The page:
Fresh out of hibernation, a small tortoiseshell (Aglais urticae), photographed by Clive Knight in the reserve on Monday.
This battered and worn butterfly is already at least six months old. A second brood adult, it will have emerged from its pupa at the very latest in September, in time to feed on the reserve’s late blooming flowers in preparation for hibernation. Clive photographed just such a newly emerged small tortoiseshell  back in September of last year, feeding on late flowering ragwort; it could even be the same butterfly.
 Clive Knight’s September 2021 picture of a pristine, newly hatched adult small tortoiseshell  a detail of the damaged forewing of the butterfly Clive photographed this week.
Once a new butterfly’s wings have dried, they are dead tissue, like our hair or nails, but they can’t regrow or be repaired. The wings are covered with tiny scales and as the butterfly flies, friction with the air and collisions with the wider environment rub the scales off so that the wings just wear out over time. The longer a butterfly lives and the further it flies, the more worn its wings will become.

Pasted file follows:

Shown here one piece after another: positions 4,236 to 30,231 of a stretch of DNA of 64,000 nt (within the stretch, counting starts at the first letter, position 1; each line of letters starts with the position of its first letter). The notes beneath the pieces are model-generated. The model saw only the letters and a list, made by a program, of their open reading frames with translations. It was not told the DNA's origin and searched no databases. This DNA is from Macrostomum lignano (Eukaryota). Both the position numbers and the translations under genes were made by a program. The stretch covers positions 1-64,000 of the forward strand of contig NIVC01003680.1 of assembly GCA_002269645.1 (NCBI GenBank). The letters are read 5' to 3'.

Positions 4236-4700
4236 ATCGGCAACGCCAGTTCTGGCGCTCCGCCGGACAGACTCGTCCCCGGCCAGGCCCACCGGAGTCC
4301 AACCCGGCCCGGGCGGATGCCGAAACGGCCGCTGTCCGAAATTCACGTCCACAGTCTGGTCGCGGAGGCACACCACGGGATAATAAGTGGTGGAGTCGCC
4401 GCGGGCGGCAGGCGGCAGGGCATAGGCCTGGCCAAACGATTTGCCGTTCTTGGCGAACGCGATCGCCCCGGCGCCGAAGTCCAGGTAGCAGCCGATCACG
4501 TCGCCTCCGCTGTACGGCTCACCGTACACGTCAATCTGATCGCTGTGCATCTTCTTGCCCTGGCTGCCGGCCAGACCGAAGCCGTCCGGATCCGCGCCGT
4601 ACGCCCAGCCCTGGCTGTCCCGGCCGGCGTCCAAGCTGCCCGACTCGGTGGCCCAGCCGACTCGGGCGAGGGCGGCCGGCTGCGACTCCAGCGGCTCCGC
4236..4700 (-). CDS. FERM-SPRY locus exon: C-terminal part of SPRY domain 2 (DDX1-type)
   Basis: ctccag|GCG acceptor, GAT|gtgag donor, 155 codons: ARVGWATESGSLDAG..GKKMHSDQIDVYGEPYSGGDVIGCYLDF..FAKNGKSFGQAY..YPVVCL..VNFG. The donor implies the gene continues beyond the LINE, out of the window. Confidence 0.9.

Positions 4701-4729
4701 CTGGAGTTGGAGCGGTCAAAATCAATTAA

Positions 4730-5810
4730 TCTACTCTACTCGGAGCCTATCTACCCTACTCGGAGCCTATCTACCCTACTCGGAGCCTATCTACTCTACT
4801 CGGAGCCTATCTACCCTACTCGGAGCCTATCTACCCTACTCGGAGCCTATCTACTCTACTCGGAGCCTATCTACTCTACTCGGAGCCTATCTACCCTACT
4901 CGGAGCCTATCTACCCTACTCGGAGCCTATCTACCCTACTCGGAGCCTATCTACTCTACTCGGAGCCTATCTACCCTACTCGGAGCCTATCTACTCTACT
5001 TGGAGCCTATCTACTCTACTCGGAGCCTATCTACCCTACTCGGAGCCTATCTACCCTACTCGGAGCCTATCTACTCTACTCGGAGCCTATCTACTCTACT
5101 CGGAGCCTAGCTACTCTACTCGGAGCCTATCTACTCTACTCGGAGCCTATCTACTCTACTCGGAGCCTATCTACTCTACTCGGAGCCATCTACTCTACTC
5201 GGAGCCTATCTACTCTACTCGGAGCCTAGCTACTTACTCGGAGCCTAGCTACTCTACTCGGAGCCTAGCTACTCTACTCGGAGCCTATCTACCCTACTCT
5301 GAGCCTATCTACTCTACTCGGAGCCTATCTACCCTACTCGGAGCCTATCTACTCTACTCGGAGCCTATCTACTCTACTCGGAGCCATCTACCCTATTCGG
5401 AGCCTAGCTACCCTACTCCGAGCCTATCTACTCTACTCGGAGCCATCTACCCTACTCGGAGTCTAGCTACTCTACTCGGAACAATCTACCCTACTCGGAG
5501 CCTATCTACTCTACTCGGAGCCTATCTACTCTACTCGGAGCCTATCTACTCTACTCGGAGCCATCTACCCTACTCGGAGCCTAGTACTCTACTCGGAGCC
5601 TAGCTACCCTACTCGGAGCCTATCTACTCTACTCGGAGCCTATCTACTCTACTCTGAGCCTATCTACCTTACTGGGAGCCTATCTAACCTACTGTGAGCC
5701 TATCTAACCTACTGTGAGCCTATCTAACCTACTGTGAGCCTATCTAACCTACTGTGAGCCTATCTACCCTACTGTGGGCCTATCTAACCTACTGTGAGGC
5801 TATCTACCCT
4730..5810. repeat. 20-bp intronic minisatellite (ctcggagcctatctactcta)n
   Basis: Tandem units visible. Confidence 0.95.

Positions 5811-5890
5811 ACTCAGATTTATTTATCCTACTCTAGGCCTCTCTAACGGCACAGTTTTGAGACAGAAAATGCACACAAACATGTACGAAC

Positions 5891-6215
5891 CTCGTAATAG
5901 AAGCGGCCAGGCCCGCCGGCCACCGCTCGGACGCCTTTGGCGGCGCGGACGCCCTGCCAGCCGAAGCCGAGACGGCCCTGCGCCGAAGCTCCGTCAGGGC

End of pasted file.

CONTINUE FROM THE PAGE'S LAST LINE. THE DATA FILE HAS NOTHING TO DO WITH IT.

Butterflies enter a torpid state in hibernation, in which they can be attacked by spiders, mice or birds. If you look carefully, you can see that the forewing of this small tortoiseshell has been badly torn  by either a predator or a collision with something sharp such as a thorn.
Research has shown that damage to the leading edge of a butterfly’s forewing can seriously affect its ability to fly but that damage to the wing’s margin has no detectable effect on its flight. So it is possible that despite its worn and torn wings this small tortoiseshell will be able to feed, find a mate and contribute to the next generation of caterpillars among the stinging nettles.